2019 Jawa Forty-Two First Ride Review

14 December 2018, 12:03 PM Vikrant Singh

Introduction

 

This is the more affordable, younger-looking, and as its maker likes to say, open-chested version of the Jawa. It shares the engine, gearbox, cycle parts, and, in fact, almost all of its body work with the standard Jawa. We have already ridden and written about the new Jawa on BikeWale.

So, what's different?

While the Forty Two shares its tank, side panels, rear fender, lights, switchgear, levers, and even the clocks with the standard Jawa, it does get a different front fender, a different head lamp casing, an offset instrument pod, and a wider handlebar. The latter is what has led the company to call it 'open-chested'.

Ex-showroom, Mumbai

 1,55,000

 

So, the two bikes do look tellingly different, especially when you consider that the Jawa is only available in traditional gloss paint hues, while the Forty Two can also be had in matte as long as it is some shade of either blue or green. The seating ergos, thanks to the wider bar, is slightly different as well. For me, at five nine, the Forty Two seating was more upright compared to the standard Jawa.

Does it ride any different?

Not really. Yes, the wider handlebar changes how you work the steering around bends, but, it's not glaringly obvious. 

The rest is the same as the standard Jawa. So, the Forty Two continues to be a quick-steering, planted, and fun to ride machine around twisties. It still has a go-over-anything-with-poise-and-control front suspension setup. And, it still has rear coil over damper units that can cause the rider some discomfort over badly broken surfaces.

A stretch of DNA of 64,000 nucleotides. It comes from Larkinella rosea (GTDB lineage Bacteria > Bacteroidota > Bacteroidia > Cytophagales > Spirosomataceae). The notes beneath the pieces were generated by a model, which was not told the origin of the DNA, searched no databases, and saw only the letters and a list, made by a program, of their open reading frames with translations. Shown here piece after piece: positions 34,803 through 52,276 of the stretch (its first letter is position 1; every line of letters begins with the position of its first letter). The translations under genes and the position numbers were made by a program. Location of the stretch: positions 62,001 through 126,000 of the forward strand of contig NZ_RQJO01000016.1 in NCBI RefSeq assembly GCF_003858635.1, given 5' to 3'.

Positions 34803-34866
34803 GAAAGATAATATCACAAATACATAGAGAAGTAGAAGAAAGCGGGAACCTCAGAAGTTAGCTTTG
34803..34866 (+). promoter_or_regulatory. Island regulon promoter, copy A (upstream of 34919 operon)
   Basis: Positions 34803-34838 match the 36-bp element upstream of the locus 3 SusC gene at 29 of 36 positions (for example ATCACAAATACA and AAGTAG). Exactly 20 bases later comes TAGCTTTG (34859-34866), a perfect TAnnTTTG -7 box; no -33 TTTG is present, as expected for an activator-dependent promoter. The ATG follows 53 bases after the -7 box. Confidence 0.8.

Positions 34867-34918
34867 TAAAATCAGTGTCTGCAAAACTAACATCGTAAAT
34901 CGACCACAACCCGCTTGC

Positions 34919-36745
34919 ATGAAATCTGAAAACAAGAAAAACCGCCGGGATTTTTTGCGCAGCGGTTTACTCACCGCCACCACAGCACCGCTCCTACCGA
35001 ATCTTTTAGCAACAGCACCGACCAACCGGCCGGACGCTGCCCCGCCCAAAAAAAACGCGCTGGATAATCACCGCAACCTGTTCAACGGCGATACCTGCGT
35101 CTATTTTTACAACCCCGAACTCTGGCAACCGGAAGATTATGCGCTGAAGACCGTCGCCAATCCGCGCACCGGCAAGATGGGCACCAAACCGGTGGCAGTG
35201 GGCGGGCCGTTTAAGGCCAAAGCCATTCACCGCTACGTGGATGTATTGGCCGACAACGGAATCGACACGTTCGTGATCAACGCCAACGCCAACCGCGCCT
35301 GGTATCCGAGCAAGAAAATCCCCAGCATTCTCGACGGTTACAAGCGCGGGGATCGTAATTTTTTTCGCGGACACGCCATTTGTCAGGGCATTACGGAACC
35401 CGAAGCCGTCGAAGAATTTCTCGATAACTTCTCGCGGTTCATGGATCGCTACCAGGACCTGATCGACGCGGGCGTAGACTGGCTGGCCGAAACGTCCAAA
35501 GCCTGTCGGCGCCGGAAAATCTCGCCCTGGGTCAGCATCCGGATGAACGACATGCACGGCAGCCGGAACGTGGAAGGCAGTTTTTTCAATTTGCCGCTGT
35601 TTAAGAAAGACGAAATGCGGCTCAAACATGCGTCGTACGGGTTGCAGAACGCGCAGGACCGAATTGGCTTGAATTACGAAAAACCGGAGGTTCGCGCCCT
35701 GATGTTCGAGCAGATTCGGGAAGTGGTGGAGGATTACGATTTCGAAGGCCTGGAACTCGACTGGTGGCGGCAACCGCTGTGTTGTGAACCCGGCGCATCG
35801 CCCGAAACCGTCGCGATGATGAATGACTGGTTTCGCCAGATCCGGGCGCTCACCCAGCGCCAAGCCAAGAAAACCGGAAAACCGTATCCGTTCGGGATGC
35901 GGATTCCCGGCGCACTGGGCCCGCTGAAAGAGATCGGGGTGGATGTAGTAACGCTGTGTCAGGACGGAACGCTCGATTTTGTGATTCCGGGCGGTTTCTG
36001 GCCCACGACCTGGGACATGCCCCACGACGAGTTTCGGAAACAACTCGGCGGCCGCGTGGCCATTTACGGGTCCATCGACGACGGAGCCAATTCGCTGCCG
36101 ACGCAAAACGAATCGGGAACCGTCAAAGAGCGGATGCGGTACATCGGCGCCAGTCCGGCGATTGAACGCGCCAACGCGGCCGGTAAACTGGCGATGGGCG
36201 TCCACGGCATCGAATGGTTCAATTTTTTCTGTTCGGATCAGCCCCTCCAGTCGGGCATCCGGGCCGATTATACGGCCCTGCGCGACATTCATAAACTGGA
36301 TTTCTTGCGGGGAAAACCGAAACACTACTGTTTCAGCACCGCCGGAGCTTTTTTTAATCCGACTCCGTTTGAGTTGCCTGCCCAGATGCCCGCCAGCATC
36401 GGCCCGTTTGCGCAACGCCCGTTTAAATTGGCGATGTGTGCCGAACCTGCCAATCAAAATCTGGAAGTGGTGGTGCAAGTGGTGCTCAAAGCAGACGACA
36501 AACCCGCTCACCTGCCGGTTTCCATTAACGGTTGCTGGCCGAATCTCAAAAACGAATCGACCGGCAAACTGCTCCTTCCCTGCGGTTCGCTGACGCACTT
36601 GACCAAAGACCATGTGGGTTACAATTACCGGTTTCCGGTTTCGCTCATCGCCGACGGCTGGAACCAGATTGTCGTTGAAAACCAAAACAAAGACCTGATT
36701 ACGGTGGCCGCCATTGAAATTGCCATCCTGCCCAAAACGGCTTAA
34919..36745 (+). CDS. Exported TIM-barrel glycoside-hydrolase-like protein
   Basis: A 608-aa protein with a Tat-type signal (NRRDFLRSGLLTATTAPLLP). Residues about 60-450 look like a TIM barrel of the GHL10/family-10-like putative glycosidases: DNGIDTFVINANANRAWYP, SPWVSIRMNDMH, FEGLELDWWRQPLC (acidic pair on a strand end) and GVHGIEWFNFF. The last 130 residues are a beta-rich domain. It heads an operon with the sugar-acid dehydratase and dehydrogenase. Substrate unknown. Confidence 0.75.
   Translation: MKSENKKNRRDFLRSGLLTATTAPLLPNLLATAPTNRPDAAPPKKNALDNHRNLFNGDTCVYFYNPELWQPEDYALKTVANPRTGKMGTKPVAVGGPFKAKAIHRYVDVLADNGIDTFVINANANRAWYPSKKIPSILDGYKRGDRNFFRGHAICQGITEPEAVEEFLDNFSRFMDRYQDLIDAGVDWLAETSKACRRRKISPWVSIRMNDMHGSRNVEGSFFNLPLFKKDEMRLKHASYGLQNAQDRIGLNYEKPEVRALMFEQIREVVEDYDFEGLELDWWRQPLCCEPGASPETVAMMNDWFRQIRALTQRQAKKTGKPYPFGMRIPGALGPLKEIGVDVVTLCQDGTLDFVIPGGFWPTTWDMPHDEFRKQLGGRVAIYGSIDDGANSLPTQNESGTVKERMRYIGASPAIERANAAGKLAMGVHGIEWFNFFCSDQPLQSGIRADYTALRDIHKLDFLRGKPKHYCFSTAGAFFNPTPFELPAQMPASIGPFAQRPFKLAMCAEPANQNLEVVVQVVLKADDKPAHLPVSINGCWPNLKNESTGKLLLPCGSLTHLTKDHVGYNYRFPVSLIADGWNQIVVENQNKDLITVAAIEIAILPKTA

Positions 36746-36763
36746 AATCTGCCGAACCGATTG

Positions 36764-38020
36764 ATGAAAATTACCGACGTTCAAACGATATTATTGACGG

Braking continues to be good with a disc upfront and a drum at the rear. And, it still only gets a single channel ABS. The engine - built on the same platform as the Mahindra Mojo powertrain - is smooth up to 80kmph in top gear;  it has decent pull in the mid-range; it can cruise at 100kmph all day long; it has a nice sounding exhaust note; and the 6-speed gearbox it is coupled to, has crisp shifts. Which again, is identical to the standard Jawa.

What does it compete against?

Now, the standard Jawa is in a class of its own. But, the Forty Two is more mainstream. It is priced at Rs 1.5 lakhs ex-showroom. And that puts it in the same space as the Royal Enfield Classic 350 as far as modern classics go.

 

Then, of course, there's more modern competition with digital clocks, monoshock, disc brakes on both wheels, and design elements that will appease the digital generation more than the old boys. There's the KTM 200 Duke, the Bajaj RS 200, and to an extent, the Yamaha R15 that the Forty Two must contend with.

Jawa Jawa or Forty Two?

Let us give you some facts before we answer that question. As far as official bookings go, the Jawa Jawa is winning the race, and handsomely at that. And not just that. It's the traditional Jawa maroon which has the lion's share of bookings as of now.

Now to answer the crucial question - Jawa or Forty Two? As we have told you through the course of this article, both these motorcycles are near identical when it comes to ride, handling, performance, or even comfort or ease of riding. And even though the Jawa is more expensive, it doesn't get any additional features or tech.

 

But, it does get more chrome. And that costs money. The chrome you see on the tank and even on the fuel injection cover, isn't a cheaply done item either. Add to it the gloss finish, and the Jawa parked next to the Forty Two does look richer, more upmarket, and more desirable. 

The Forty Two then, is for those who want a younger, more hep looking motorcycle. And, of course, don't believe all that chrome is worth the additional monies.

Photography by Kaustubh Gandhi

Gallery

Please tell us your city

This allows us to provide relevant content for you.

Please enter your city
Confirm city
Ad

The All New
Royal Enfield 650cc Twins

Launched